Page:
Potential use of algae for the bioremediation of different types of wastewater and contaminants: Production of bioproducts and biofuel for green circular economy
AuthorAlazaiza, Motasem Y.D.
Bashir, Mohammed J.K.
Abujazar, Mohammed Shadi S.
Abu Amr, Salem S.
Nassani, Dia Eddin
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CitationAlazaiza, M. Y. D., Albahnasawi, A., Ahmad, Z., Bashir, M. J. K., Al-Wahaibi, T., Abujazar, M. S. S., Abu Amr, S. S., Nassani, D. E. (2022). Potential use of algae for the bioremediation of different types of wastewater and contaminants: Production of bioproducts and biofuel for green circular economy. Journal of Environmental Management: Cilt, 324, s. 1-13.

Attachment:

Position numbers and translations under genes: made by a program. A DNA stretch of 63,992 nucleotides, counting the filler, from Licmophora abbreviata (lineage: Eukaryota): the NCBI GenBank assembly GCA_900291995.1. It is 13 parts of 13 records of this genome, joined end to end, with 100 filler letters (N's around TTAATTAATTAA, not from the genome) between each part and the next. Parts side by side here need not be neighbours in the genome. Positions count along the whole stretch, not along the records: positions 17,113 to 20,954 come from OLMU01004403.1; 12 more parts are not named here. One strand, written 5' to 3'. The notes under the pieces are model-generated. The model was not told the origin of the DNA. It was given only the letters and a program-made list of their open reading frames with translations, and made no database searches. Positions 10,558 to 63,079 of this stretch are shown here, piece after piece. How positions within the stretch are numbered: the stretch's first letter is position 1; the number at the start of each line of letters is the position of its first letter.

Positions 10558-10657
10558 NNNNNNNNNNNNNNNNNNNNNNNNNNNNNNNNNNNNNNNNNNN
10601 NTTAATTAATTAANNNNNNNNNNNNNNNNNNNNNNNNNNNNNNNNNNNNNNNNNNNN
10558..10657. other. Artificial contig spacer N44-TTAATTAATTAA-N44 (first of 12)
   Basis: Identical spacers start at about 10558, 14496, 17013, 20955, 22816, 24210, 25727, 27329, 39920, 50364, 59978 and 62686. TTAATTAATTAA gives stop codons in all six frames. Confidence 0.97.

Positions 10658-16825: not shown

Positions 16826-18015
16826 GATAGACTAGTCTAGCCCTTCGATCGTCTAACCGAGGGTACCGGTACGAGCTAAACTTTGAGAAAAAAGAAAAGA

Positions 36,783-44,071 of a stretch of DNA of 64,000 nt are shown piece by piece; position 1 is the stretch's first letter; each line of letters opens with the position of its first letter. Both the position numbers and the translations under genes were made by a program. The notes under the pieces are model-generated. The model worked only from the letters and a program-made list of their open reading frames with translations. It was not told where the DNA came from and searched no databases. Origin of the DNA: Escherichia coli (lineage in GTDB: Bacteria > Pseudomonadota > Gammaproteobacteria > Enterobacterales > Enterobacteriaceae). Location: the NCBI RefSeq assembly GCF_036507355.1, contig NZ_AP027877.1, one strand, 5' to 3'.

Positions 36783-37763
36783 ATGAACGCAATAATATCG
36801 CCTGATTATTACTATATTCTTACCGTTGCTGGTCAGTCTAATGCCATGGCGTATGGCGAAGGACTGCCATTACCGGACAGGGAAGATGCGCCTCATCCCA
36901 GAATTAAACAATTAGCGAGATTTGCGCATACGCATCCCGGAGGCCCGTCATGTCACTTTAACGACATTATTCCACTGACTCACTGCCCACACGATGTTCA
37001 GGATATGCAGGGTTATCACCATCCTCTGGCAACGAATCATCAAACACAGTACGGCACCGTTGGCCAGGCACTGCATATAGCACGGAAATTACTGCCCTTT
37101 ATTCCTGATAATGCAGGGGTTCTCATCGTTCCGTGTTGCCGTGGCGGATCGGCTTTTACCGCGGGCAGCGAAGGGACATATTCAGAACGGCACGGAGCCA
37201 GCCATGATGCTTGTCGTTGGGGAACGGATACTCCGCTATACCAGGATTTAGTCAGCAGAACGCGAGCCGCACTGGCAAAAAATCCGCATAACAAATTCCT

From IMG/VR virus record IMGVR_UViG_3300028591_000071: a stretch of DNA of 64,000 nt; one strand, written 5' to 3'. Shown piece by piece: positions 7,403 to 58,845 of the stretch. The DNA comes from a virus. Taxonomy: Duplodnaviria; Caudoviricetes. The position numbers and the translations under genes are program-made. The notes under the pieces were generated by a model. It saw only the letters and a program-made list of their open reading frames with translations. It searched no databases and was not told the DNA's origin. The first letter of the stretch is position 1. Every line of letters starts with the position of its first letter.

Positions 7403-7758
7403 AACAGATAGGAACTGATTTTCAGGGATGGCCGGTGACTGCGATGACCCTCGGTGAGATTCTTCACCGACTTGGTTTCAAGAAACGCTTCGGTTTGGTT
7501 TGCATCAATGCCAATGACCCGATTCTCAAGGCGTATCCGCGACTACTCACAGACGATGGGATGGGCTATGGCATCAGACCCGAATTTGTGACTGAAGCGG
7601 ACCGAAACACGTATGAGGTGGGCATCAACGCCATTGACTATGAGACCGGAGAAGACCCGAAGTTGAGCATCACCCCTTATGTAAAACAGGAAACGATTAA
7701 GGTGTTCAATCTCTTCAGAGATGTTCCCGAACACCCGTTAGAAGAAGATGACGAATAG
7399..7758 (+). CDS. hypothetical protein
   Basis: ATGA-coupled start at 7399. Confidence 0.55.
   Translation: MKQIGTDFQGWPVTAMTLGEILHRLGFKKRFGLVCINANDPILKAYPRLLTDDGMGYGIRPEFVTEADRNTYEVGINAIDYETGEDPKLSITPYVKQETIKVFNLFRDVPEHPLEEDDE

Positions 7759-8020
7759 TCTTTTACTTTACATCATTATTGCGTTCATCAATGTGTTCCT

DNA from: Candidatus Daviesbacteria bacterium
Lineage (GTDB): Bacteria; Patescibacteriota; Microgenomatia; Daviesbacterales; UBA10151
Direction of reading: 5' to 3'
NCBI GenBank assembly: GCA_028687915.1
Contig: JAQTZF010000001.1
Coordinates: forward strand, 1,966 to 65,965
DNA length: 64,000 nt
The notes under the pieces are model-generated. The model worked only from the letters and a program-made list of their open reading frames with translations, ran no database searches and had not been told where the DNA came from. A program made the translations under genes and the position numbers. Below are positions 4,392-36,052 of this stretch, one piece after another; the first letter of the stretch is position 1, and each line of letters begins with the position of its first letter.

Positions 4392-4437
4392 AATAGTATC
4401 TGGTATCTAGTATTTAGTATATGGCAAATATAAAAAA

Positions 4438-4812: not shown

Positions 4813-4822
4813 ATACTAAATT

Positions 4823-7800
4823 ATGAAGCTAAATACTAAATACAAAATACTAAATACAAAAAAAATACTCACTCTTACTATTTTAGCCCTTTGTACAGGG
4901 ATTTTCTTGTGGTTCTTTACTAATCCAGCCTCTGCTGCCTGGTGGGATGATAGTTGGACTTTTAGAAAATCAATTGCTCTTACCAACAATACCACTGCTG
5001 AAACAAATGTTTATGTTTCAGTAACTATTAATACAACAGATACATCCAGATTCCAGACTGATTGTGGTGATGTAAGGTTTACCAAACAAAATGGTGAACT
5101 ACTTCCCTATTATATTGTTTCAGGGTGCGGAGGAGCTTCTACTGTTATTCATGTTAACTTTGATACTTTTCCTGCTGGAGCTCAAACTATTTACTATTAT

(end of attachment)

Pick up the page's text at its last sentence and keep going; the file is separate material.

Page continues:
Remediation by algae is a very effective strategy for avoiding the use of costly, environmentally harmful chemicals in wastewater treatment. Recently, industries based on biomass, especially the bioenergy sector, are getting increasing attention due to their environmental acceptability. However, their practical application is still limited due to the growing cost of raw materials such as algal biomass, harvesting and processing limitations. Potential use of algal biomass includes nutrients recovery, heavy metals removal, COD, BOD, coliforms, and other disease-causing pathogens reduction and production of bioenergy and valuable products. However, the production of algal biomass using the variable composition of different wastewater streams as a source of growing medium and the application of treated water for subsequent use in agriculture for irrigation has remained a challenging task. The present review highlights and discusses the potential role of algae in removing beneficial nutrients from different wastewater streams with complex chemical compositions as a biorefinery concept and subsequent use of produced algal biomass for bioenergy and bioactive compounds. Moreover, challenges in producing algal biomass using various wastewater streams and ways to alleviate the stress caused by the toxic and high concentrations of nutrients in the wastewater stream have been discussed in detail. The technology will be economically feasible and publicly accepted by reducing the cost of algal biomass production and reducing the loaded or attached concentration of micropollutants and pathogenic microorganisms. Algal strain improvement, consortium development, biofilm formation, building an advanced cultivation reactor system, biorefinery concept development, and life-cycle assessment are all possible options for attaining a sustainable solution for sustainable biofuel production. Furthermore, producing valuable compounds, including pharmaceutical, nutraceutical and pigment contents generated from algal biomass during biofuel production, could also help reduce the cost of wastewater management by microalgae. © 2022 Elsevier Ltd